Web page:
It is not uncommon for a park to contain a river. It is rather less common for a river to contain a park.
On the banks of Manhattan Island, a stone’s throw from Greenwich Village, lies what will soon be New York’s newest, and perhaps most unusual piece of green space, a man-made marine meadow known as Little Island.
New York is not renowned for its abundance of space, so developers turned their eyes offshore to build this oasis in the urban jungle. The result will be the latest addition to the Hudson River Park, stretching 4.5 miles (7.2km) down the riverbank and second only to Central Park in size.
Little Island will sit suspended 15ft (4.5m) above the currents of the Hudson on 132 tulip-shaped support structures, each cast from concrete and anchored to the riverbed. The area above will cover 2.4 acres, a tad under one hectare. and host roughly 100 species of tree and shrub, including oak, pine, and at least one cherry tree.
Little Island will replace the remnants of Hudson River Park’s Pier 54, the site where Titanic survivors arrived to safety by rescue boat after the disaster in 1912. Additionally, it will boast a 700-seat amphitheatre featuring live performances and workshops throughout the year.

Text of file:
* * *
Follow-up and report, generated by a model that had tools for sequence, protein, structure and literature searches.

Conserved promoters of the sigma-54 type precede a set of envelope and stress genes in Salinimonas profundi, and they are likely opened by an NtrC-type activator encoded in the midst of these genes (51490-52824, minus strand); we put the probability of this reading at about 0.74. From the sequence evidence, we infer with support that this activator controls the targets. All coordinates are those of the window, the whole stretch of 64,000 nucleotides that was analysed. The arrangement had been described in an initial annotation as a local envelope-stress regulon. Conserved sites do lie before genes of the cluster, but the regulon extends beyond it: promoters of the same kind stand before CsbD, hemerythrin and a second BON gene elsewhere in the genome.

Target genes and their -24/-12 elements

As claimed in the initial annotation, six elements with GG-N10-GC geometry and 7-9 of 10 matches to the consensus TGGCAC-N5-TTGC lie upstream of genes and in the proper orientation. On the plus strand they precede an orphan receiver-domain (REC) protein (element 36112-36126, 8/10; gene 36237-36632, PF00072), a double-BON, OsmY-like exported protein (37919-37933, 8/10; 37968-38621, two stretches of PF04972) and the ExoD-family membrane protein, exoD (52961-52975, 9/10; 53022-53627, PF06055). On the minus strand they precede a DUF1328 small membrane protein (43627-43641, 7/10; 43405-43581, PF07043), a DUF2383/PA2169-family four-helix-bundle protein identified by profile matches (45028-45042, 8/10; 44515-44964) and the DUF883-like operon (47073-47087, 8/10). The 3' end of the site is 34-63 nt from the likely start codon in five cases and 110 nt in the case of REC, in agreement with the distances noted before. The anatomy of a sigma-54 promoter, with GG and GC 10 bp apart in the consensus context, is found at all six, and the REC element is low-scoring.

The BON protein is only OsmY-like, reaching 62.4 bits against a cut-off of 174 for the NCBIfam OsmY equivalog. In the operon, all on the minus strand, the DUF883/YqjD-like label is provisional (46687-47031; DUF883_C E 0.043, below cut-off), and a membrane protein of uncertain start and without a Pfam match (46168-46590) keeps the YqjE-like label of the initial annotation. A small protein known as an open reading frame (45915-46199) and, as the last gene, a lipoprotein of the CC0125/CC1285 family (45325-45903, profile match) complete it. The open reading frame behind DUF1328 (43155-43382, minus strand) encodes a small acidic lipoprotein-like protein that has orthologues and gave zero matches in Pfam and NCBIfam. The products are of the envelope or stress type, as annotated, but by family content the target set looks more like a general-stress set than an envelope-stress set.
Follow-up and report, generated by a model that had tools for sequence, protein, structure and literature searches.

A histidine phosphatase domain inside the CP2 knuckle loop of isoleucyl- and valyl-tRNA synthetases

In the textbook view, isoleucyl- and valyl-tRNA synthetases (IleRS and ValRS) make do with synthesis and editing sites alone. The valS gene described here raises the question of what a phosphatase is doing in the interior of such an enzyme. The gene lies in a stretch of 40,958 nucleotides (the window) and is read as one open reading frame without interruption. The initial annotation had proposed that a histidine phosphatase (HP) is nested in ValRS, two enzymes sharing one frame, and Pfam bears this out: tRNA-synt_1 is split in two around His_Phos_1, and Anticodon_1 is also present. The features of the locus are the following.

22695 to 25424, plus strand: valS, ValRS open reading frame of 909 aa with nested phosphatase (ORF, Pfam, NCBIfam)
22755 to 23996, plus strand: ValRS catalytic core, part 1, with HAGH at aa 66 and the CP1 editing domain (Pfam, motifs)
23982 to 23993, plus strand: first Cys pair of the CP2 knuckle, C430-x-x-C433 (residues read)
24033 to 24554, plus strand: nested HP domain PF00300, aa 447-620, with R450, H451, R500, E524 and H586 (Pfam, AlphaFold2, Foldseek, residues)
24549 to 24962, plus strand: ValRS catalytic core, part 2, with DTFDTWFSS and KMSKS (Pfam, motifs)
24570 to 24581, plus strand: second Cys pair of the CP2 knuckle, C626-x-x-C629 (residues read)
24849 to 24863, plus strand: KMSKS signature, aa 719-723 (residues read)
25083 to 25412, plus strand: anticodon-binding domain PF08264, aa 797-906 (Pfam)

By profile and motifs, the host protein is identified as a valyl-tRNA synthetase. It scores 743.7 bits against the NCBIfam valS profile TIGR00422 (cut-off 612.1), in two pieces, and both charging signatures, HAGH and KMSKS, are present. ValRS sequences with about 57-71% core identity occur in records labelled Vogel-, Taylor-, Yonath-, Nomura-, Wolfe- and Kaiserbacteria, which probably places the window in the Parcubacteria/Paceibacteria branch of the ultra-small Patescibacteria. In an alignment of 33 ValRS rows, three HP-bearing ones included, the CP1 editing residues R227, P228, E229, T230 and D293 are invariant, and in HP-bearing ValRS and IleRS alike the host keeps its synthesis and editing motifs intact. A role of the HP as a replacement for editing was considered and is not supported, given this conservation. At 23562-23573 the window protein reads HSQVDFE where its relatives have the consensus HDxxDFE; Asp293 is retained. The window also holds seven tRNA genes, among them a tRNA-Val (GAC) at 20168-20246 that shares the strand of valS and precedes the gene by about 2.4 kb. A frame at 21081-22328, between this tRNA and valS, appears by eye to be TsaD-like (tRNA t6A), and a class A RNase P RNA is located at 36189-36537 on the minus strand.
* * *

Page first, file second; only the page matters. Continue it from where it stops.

The island is the work of British architecture firm Heatherwick Studio – the company behind Manhattan’s famous âVessel’ structure further up the bank, the spectacular cauldron in the London 2012 Olympics opening ceremony, and the city’s ill-fated Garden Bridge – with landscaping by Mathews Nielsen Landscape Architects.
Roughly 50m from shore, the park will be accessed by two elevated walkways and will host an array of arts and educational programming.
As one of the world’s leading metropolises for art, fashion, food and theatre, it’s no surprise that New York City attracted a record 66 million tourists last year. Little Island is set to be a respite from the towering skyscrapers and bustling streets for tourists and residents alike.
The park was in the works as far back as 2014, but the park encountered several early stage issues including lawsuits and permit problems, which led to its temporary scrapping in 2017. Construction work is now well underway, and the park is due to open to the public in the spring of 2021.
What do you think? Shall we build on top of rivers or keep the natural features of the land?
– With PA
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